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Clearing the Air in the San Joaquin Valley (2004)

This is excerpted from the Executive Summary of the UCS report Clearing the Air in the San Joaquin Valley: Developing an Action Plan for Regulators, Legislators, and the Public, February 2005.

The San Joaquin Valley officially shares the distinction of having the worst air quality in the nation with the Los Angeles region. Poor air quality is affecting the region's residents, public health, and the economy. Without further action, the problem will only get worse. The population of the region is growing more rapidly than in any other air basin in the state. This growth brings with it increases in vehicle miles traveled and urbanization, both of which counteract progress in emission reductions. As a result, the valley risks becoming the nation's dirtiest region. Strong action by local, state, and federal officials can put the San Joaquin Valley back on the road to clean air, but it will take a coordinated effort and strong leadership that has, to date, been lacking.

The Problem Is Not Going Away
The San Joaquin Valley air basin has been home to the highest population growth rate in the state and this trend is projected to continue. From 1990 to 2000, the population grew by almost 20 percent and daily vehicle miles traveled increased more than 25 percent. Over this time period, violations of the national 1-hour standard for ozone have decreased, but the number of days exceeding the state 1-hour and federal 8-hour standard has increased (see figure below). 






Poor Air Quality Is Affecting the Region's Residents and the Economy
Residents of the San Joaquin Valley are particularly vulnerable to the effects of air pollution. Rates of asthma, lack of insurance, and childhood poverty are higher in the region than in the state as a whole. Each is an indicator of vulnerability to environmental hazards such as air pollution. Fresno County, the location of the worst air quality in the region, is already home to the highest rate of childhood asthma in the state.

New Emission Control Strategies Are Needed
The emissions that lead to the region's air quality problem derive from several categories of sources. Reactive organic gases (ROG) and oxides of nitrogen (NOx) are the precursors to ozone pollution. Area sources, including farming operations and consumer products such as paints, are responsible for the largest portion of ROG emissions. Heavy-duty diesel trucks and buses and other mobile sources, including off-road diesel engines, are the principal contributors to NOx emissions. Particulate matter comes predominantly from area sources, including field preparation, road dust, and agricultural burning.

As the region has grown and emissions from local stationary sources of pollution have been controlled, the effects of increased population, vehicle miles traveled, and greater heavy duty truck travel have come to account for a larger share of the emission inventory. These sources, with their heavy contribution to ROG and NOx pollution, are outside the jurisdiction of the San Joaquin Valley Air Pollution Control District (SJVAPCD).  State and federal authorities are responsible for regulating a much larger portion of the emission inventory in 2003 than they were in 1975. Projected growth in passenger and heavy-duty vehicle travel in the region will only exacerbate the valley's air problem. This shift emphasizes the importance of putting pressure on state and federal regulators to reduce emissions from sources under their jurisdiction.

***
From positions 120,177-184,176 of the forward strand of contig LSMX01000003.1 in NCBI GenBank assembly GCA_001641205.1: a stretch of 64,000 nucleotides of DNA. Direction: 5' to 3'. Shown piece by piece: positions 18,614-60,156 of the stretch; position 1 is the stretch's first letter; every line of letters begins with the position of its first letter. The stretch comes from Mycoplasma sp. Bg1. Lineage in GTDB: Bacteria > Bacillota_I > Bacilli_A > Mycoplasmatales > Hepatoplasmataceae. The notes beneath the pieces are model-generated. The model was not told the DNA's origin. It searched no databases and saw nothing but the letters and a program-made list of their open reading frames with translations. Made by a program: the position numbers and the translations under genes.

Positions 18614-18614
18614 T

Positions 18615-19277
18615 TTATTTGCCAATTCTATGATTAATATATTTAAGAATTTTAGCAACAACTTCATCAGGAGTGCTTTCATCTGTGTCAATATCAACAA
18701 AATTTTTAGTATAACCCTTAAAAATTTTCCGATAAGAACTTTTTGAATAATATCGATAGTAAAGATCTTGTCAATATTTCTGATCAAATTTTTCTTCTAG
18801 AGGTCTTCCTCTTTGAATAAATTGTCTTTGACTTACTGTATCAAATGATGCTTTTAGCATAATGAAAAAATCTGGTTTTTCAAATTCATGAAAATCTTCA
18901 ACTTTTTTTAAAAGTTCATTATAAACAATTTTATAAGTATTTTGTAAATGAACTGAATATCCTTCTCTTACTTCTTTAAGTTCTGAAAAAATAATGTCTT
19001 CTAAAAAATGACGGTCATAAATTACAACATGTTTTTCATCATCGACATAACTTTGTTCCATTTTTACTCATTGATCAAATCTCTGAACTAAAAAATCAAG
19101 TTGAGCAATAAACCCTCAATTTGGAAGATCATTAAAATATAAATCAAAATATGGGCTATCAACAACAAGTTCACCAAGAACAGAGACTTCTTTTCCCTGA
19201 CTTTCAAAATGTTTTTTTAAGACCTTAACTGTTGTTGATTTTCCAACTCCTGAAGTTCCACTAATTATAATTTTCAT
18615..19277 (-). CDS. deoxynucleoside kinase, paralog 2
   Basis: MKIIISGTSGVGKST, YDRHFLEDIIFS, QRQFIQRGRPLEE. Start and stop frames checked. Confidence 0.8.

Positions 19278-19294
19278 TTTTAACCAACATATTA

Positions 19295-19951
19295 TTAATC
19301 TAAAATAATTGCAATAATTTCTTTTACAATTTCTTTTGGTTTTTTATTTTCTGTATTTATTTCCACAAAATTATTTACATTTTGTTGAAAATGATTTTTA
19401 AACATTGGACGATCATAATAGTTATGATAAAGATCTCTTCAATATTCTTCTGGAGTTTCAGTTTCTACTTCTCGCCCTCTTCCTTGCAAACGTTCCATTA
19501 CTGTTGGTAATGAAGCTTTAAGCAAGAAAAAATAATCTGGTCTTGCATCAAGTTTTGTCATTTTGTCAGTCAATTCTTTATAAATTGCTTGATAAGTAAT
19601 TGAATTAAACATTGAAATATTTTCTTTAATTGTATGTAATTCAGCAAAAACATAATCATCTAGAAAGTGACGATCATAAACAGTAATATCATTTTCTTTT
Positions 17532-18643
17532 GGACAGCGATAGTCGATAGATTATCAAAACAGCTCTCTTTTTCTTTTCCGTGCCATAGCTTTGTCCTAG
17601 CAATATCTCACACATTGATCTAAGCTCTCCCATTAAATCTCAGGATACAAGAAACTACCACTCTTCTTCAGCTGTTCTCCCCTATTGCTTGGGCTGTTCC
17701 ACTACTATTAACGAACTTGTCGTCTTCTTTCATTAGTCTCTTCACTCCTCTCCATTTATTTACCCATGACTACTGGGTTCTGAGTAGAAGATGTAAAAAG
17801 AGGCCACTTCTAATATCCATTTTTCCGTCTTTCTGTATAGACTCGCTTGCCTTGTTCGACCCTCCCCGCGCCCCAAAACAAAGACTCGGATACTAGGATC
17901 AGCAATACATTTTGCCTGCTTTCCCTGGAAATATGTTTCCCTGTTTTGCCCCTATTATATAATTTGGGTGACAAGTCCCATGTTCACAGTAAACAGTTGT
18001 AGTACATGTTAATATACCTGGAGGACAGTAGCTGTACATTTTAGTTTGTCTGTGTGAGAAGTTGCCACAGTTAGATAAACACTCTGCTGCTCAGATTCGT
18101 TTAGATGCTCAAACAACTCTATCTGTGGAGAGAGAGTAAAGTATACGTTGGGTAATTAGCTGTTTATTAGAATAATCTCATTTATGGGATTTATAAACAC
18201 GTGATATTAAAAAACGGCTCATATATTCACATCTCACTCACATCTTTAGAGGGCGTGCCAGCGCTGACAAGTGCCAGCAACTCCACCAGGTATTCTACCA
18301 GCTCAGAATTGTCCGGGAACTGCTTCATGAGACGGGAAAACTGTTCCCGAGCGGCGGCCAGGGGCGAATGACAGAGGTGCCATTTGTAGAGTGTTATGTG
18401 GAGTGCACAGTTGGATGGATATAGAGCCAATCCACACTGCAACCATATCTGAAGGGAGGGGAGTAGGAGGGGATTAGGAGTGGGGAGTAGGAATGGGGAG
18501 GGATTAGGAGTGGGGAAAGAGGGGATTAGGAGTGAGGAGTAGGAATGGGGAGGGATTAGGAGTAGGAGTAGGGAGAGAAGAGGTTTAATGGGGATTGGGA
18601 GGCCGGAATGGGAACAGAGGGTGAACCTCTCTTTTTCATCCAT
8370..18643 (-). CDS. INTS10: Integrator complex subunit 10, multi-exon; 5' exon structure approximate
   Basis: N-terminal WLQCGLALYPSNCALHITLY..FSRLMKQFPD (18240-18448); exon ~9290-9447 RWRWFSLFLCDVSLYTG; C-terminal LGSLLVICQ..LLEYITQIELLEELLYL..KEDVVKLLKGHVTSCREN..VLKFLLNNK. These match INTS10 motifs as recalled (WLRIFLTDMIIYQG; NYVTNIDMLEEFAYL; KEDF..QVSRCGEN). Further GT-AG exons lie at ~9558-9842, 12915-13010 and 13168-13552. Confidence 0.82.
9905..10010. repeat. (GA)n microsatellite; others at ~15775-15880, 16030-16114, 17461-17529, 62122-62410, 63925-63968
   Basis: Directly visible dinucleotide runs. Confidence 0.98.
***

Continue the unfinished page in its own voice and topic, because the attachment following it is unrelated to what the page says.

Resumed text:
The Work Is Just Beginning
Local, state, and federal regulators have displayed a pattern of neglect and inaction when it has come to taking adequate measures to improve air quality in the San Joaquin Valley. Recent legal victories have brought about some important changes, such as the regulation of agricultural sources of air pollution emissions. 

Prompted by these legal victories and growing public concern about the region's air quality problem, state legislators and state and local regulators have taken some steps to address the air quality problems in the San Joaquin Valley. Legislation has been drafted that targets sources of emissions that have not been regulated before, provides greater funding for air quality improvement programs, and improves the air quality planning process. The California Air Resources Board and SJVAPCD are implementing rules to control emissions from significant sources of pollution in the valley. But the work is just beginning. 

The coming years will require coordinated actions on the part of local, state, and federal lawmakers and regulators to attain clean air standards. Over the coming year, the three top priorities for cleaning the air in the San Joaquin Valley should be:

  1. Create more public accountability for the SJVAPCD by passing legislation to create seats for public members on the governing board.
  2. Establish a secure funding mechanism for clean air programs in the region through legislation and local programs, such as the indirect source mitigation fee program.
  3. Create an institutional mechanism, such as a regional transportation planning agency, to coordinate regional transportation and air quality planning.

These priorities are part of a comprehensive air quality action plan that calls for actions on the part of state lawmakers and regulators as well as local elected officials and regulators. Combined with an active and engaged public, this action plan should put the valley on the road to cleaner air.

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